Example of a holding structure (investing to the EU)

Holding companies in Latvia

Explanatory notes:

* Withholding tax is not levied in accordance with the EU Parent-Subsidiary Directive (under certain conditions) or is withheld at a lower rate provided in a double tax treaty (if available).

** Taxation according to rules of the individual’s country of residence. The credit for tax withheld in Latvia at source of payment may be available.

*** Withholding tax is not levied in case if the country of the recipient company is not blacklisted.

**** Taxation of the received dividends depends on a specific jurisdiction and legal form of the recipient. A zero taxation may be available under certain conditions.

Taxation of a Latvian company paying interest

Taxation of Latvian company paying interest

Explanatory notes:

* Withholding tax is not levied in case if the country of the recipient company is not blacklisted. In allocating interest payable to the costs the Latvian thin capitalization rules should be considered.

** Taxation of the received interest depends on specific jurisdiction or legal form of the recipient. A zero taxation may be available under certain conditions.

Taxation of Latvian company paying royalties

Taxation of Latvian companies payin royalties

Explanatory notes:

* Withholding tax is not levied in case if the country of the recipient company is not blacklisted.

** Taxation of the received royalties depends on specific jurisdiction or legal form of the recipient. A zero taxation may be available under certain conditions.

Latvia’s double taxation treaties

Latvia has double taxation treaties with the following countries: Albania, Armenia, Austria, Azerbaijan, Belarus, Belgium, Bulgaria, Canada, China, Croatia, Czech Republic, Denmark, Estonia, Finland, France, Guernsey, Georgia, Germany, Greece, Hungary, Iceland, India, Ireland, Israel, Italy, Jersey, Kazakhstan, Kuwait, Kyrgyzstan, Lithuania, Luxembourg, Macedonia, Malta, Mexico, Moldova, Morocco, Montenegro, Netherlands, Norway, Poland, Portugal, Romania, Russia, Spain, Serbia, Singapore, Slovakia, Slovenia, Sweden, Switzerland, South Korea, Tajikistan, Turkey, Turkmenistan, Ukraine, United Kingdom, Uzbekistan, United Arab Emirates, USA.

The double taxation treaties provide mechanisms for tax credit (tax deduction) in respect of taxes paid in other country, as well as lower rates and tax exemptions in respect of some types of income (e.g. dividends, interest, royalties etc.)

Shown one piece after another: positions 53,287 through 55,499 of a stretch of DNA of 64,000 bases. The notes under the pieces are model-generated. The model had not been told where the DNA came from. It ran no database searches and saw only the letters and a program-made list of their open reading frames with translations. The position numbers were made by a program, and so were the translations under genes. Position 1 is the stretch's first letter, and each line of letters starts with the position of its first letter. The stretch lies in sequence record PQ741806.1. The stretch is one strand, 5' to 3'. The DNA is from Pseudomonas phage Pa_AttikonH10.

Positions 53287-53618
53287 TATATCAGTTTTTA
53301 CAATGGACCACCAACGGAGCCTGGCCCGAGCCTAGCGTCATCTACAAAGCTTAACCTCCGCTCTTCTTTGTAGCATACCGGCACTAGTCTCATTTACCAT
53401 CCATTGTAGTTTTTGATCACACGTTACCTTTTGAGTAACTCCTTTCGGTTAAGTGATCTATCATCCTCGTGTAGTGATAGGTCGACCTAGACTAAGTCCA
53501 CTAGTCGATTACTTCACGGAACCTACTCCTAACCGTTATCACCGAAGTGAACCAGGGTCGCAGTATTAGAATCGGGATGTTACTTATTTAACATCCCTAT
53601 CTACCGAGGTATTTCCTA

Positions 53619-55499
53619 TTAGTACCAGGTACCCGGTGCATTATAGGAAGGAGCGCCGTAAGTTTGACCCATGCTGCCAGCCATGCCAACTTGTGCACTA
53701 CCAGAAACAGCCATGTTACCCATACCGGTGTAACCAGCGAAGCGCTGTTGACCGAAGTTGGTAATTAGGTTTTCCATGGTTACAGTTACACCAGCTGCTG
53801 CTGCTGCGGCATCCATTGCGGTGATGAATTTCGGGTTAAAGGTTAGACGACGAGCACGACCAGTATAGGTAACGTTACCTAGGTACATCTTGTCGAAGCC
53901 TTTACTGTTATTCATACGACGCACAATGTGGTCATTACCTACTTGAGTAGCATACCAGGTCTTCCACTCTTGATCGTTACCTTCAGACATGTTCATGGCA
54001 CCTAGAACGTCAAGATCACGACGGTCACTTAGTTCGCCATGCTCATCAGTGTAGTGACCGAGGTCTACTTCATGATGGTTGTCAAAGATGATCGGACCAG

To summarize all of the aforesaid we shall specify the advantages of Latvia for corporate and tax planning.

  • Membership in the European Union, Euro zone, participation in the Schengen Agreement.
  • Geographical position: Latvia is closer both to the EU and to CIS and EAEU countries.
  • Unexpansive business registration and maintenance.
  • High level of international banking services, loyalty to non-residents.
  • Wide use of Russian language, including in business and in banking practice.
  • Apostille on public documents from Belarus, Kyrgyzstan, Moldova, Russia, Uzbekistan, Ukraine is not required for application in Latvia.
  • 15% corporate income tax rate (one of the lowest in Europe).
  • Tax exemption for dividends both payable and receivable by a Latvian company (with exception for dividends received from or paid to the offshore jurisdictions).
  • Tax exemption for interest and royalty income payable to non-residents (with exception for interest and royalties paid to the offshore jurisdictions).
  • The EU Parent-Subsidiary Directive (PSD) and Interest-Royalty Directive (IRD) are applicable; cross-border transactions between the affiliated companies may be tax exempt.
  • A wide network of double taxation agreements.
  • Simplicity of a tax residency certificate obtainment.
  • VAT registration to deal with the EU companies is available.

Tags: Latvia